I have a bunch of music I ripped from CD myself. I haven't played all of it recently, mostly listening to my iPhone instead. I went to play some old tracks only to be told by iTunes "this movie requires QuickTime, which is not supported by this version of iTunes".

  1. It's not a movie.
  2. It's not like I changed anything. (Might have upgraded iTunes.)
  3. Other tracks off the same CD are still playable.
  4. Why doesn't iTunes support QuickTime?

Have you run into this? How would I get around it, short of re-ripping all those CDs? And is there a way to determine which tracks have been affected short of trying to play every one of my thousands of songs?

  • Mac or PC? Version of iTunes and OS?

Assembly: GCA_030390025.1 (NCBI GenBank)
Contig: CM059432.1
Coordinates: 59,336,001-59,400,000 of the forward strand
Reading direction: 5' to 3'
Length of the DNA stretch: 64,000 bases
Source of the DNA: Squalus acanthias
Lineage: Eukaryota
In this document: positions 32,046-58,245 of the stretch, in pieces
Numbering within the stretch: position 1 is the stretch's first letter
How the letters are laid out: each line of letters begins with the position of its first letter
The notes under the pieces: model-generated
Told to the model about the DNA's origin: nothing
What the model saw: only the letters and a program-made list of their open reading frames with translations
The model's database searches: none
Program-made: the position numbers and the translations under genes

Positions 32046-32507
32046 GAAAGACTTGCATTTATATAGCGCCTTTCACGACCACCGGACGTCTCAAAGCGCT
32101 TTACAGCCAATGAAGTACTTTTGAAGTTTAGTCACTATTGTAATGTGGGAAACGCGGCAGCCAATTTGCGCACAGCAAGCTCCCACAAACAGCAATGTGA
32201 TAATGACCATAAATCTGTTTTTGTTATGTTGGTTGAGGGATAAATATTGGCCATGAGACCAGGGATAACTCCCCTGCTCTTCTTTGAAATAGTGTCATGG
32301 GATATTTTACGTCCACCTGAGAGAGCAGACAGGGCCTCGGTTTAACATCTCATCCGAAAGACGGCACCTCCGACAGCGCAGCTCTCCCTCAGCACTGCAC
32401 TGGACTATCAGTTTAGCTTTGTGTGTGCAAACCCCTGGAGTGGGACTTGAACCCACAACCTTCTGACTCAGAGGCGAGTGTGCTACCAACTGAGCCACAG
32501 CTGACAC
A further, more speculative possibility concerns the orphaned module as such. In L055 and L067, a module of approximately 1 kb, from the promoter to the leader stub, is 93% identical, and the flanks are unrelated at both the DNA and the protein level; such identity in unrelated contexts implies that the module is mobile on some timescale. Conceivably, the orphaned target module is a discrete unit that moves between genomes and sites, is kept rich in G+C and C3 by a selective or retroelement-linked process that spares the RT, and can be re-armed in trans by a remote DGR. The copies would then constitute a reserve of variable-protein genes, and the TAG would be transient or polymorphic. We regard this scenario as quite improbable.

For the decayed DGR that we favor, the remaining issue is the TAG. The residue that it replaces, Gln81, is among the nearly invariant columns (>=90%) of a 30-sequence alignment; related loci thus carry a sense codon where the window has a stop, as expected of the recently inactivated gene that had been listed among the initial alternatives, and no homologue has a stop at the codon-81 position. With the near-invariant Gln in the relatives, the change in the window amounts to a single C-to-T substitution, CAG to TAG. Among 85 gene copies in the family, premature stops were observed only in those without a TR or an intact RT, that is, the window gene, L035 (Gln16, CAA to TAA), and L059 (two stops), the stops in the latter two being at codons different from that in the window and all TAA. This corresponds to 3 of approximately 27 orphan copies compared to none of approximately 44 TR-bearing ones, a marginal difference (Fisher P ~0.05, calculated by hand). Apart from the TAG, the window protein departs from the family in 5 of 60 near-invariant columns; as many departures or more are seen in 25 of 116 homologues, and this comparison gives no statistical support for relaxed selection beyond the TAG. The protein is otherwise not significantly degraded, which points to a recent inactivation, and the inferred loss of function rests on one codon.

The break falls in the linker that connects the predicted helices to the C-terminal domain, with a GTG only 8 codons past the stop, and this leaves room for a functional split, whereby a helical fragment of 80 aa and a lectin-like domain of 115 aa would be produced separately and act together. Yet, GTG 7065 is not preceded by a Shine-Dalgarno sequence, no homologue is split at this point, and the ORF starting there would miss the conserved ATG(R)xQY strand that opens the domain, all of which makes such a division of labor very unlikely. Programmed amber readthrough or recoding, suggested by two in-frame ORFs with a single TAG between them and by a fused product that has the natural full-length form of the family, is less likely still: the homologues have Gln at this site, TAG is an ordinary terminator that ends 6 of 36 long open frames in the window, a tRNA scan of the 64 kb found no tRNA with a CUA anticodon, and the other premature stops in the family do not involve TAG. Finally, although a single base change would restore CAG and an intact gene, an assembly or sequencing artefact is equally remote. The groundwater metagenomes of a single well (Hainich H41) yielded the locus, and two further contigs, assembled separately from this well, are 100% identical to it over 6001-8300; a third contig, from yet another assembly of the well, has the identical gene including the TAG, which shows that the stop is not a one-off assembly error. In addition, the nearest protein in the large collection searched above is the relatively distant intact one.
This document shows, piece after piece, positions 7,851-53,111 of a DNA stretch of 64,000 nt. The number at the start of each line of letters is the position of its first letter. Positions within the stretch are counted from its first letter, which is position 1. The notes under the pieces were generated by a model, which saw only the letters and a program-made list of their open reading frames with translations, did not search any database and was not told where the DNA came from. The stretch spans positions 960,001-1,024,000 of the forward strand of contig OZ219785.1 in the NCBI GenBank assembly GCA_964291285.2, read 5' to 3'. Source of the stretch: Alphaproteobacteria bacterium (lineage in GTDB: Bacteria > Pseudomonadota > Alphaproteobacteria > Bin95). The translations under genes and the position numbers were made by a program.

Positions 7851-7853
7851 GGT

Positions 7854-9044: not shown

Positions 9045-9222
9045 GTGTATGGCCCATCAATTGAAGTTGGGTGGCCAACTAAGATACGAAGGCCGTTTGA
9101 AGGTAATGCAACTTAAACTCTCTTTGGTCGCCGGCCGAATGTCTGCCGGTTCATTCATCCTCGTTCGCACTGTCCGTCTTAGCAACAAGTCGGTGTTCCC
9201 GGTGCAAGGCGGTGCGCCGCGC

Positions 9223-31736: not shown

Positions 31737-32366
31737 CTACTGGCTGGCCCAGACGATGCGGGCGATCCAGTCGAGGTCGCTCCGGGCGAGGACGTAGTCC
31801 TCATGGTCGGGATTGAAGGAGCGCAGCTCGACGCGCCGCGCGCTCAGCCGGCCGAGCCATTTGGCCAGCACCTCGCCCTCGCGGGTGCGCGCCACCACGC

– bmike
    Commented Feb 3, 2014 at 1:01
  • This was a year and more ago. It was an up to date Apple at that time, but the problem's since resolved itself. Commented Feb 3, 2014 at 16:35
  • The site bumps questions without a resolved check mark periodically hence the attention. Feel free to accept your answer or edit it if you wish.
    – bmike
    Commented Feb 3, 2014 at 17:21

1 Answer 1


Here's a workaround, which also makes no sense: as explained at this link, switch iTunes to run in 32 bit mode via the Info box.

This doesn't explain parts 1-4, but it does at least make the tracks playable. I'd still love to know what is actually going on.

Also, you can enable the "Kind" column and sort by it to discover which of your tracks have mysteriously been converted to Quicktime Movies.

  • Switching iTunes to 32 bits makes it use the 32 bits version of QuickTime which is far more powerful than the 64 bits version (for instance pulgins only work with the 32 bits QuickTime). Hope that helps.
    – Frizlab
    Commented Nov 26, 2012 at 19:08

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